There was a huge blown opportunity in the Democratic debates this past week.
Sen. Elizabeth Warren (Mass.) was asked why she called herself a capitalist — specifically, whether it was to reassure voters that she was “safer” — i.e. less radical — than her colleague Sen. Bernie Sanders (I-Vt.).
Here was a chance for Warren, a face of the party’s progressive wing, to say that yes, she believes in free enterprise — albeit with the rules set by government. Now, at last, she could endorse the role of profits (appropriately taxed, of course) as the inducement for investment that benefits all of society.
Instead, she went on a rant against Wall Street, CEOs and banks.
In capsule form, that’s where the Democrats are getting it wrong. To listen to two nights of debates filled with arcane policy disputes, personal sniping and some nasty attacks on former vice president Joe Biden, you would hardly know that America has a private economy.
Or, if you knew it, you would think that the economy was doing poorly (it isn’t). And you would think corporations were an alien menace, whose interests were 180 degrees against those of the people. But then, the only companies the candidates seemed to have heard of were allegedly amoral or even “criminal” — the familiar roster of oil drillers, Big Pharma and health insurers.
Anyone watching from Mars would have concluded that “profits” were a dirty word. To Warren, profits are “sucked out” of the system. To New York Mayor Bill De Blasio, they are “skimmed” off the top. To Sen. Kamala D. Harris (Calif.), Big Pharma is raking in profits “off the backs” of people. Apparently, no one earns money the way they used to, by keeping costs below revenues.
None of the “giant corporations” in the candidates’ universe invest in people, equipment and capital goods. No one talked about companies like the ones that most people see every day — that is, who are engaged in a relentless effort to lower prices.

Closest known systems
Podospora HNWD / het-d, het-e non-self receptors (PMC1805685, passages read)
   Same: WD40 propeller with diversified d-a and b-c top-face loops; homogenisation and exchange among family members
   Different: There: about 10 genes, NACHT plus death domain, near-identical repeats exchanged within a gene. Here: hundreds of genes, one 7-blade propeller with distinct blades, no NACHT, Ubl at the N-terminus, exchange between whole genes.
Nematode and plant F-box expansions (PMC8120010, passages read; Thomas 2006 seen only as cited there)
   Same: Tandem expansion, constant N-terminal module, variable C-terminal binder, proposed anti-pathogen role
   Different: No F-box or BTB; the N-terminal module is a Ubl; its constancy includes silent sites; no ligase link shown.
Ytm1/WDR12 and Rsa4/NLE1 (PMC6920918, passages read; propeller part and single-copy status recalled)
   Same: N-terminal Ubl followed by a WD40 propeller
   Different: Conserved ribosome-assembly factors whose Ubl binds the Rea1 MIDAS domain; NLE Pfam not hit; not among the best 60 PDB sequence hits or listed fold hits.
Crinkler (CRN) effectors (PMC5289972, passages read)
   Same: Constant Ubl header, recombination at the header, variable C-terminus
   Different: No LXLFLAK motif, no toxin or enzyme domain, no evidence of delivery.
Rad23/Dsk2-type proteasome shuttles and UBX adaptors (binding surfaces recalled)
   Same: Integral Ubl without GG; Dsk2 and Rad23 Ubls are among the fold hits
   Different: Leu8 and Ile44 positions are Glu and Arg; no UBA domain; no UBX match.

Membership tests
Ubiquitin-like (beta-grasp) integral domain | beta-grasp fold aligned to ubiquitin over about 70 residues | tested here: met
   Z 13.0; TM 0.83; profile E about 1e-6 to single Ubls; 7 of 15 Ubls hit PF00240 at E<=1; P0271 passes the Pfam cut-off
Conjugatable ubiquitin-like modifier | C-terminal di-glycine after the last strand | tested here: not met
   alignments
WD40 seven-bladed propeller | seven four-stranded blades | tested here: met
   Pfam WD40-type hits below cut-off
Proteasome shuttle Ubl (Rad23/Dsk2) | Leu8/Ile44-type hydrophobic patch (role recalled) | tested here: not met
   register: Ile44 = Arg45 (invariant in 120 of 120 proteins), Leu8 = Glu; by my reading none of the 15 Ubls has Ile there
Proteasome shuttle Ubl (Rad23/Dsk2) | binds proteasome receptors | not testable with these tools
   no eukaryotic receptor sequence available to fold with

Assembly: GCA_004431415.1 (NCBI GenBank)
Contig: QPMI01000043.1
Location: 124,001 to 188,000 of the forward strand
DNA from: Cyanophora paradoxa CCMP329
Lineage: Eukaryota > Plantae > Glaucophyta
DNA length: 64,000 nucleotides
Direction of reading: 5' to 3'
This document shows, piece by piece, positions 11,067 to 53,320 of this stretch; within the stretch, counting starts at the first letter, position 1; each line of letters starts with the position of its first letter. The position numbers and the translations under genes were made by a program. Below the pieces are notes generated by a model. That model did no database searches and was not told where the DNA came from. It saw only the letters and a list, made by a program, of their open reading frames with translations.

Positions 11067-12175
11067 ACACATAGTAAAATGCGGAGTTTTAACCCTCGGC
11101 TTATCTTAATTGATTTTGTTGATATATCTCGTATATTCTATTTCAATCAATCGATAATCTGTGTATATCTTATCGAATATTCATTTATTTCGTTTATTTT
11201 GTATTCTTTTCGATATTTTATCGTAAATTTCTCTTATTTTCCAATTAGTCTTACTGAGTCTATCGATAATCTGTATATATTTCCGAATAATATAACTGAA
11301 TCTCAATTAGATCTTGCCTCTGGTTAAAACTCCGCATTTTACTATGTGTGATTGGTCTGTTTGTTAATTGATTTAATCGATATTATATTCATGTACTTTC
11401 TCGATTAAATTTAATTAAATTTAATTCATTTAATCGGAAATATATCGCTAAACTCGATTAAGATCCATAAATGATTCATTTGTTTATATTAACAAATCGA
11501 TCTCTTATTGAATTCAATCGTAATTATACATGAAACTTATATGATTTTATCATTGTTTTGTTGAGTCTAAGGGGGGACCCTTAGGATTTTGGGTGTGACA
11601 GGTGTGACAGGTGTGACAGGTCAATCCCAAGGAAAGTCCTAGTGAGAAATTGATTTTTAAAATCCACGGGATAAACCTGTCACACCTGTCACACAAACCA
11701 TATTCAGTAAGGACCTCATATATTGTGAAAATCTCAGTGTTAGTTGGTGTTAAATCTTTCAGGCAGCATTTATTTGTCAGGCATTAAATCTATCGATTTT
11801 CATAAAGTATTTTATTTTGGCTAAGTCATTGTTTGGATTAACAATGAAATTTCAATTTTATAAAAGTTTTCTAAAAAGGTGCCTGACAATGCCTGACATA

Back in the day of Bill Clinton, John F. Kerry and Barack Obama — if feels like the late Pleistocene era — Democrats talked about jobs and growth. No more.
With the notable exception of former Maryland congressman John Delaney, who spoke approvingly of the “private innovation economy,” the candidates seemed unaware that the private sector is, ultimately, the source of the country’s wealth. That includes the wealth that is taxed by government to pay for vital social goods, including entitlements.
It isn’t so much that the Democrats are socialist. Most of them aren’t. It’s that they seem to have forgotten how our capitalist system works.
Again and again, candidates fumed over the fact that health-care consumers were socked with co-pays and deductibles. Well, goods and services carry a cost. It’s appropriate that people contribute.
Big Pharma has devised drugs that save lives and ameliorate suffering. Skyrocketing drug prices are fair game for regulation. But the notion that any profit earned on Pharma is immoral or antisocial is the product of delusional thinking, the delusion being that drug research is risk-free.
At least, Biden, Delaney and Sen. Amy Klobuchar (Minn.) recognized that “everything-free” is not a sustainable model. Montana Gov. Steve Bullock called it “wish-list” economics. It was refreshing to see Democrats warning of the incremental cost of Medicare-for-all (several cited a figure from a libertarian think tank: $32 trillion over a decade). Something of a sectarian split emerged over the affordability of prospective new entitlements.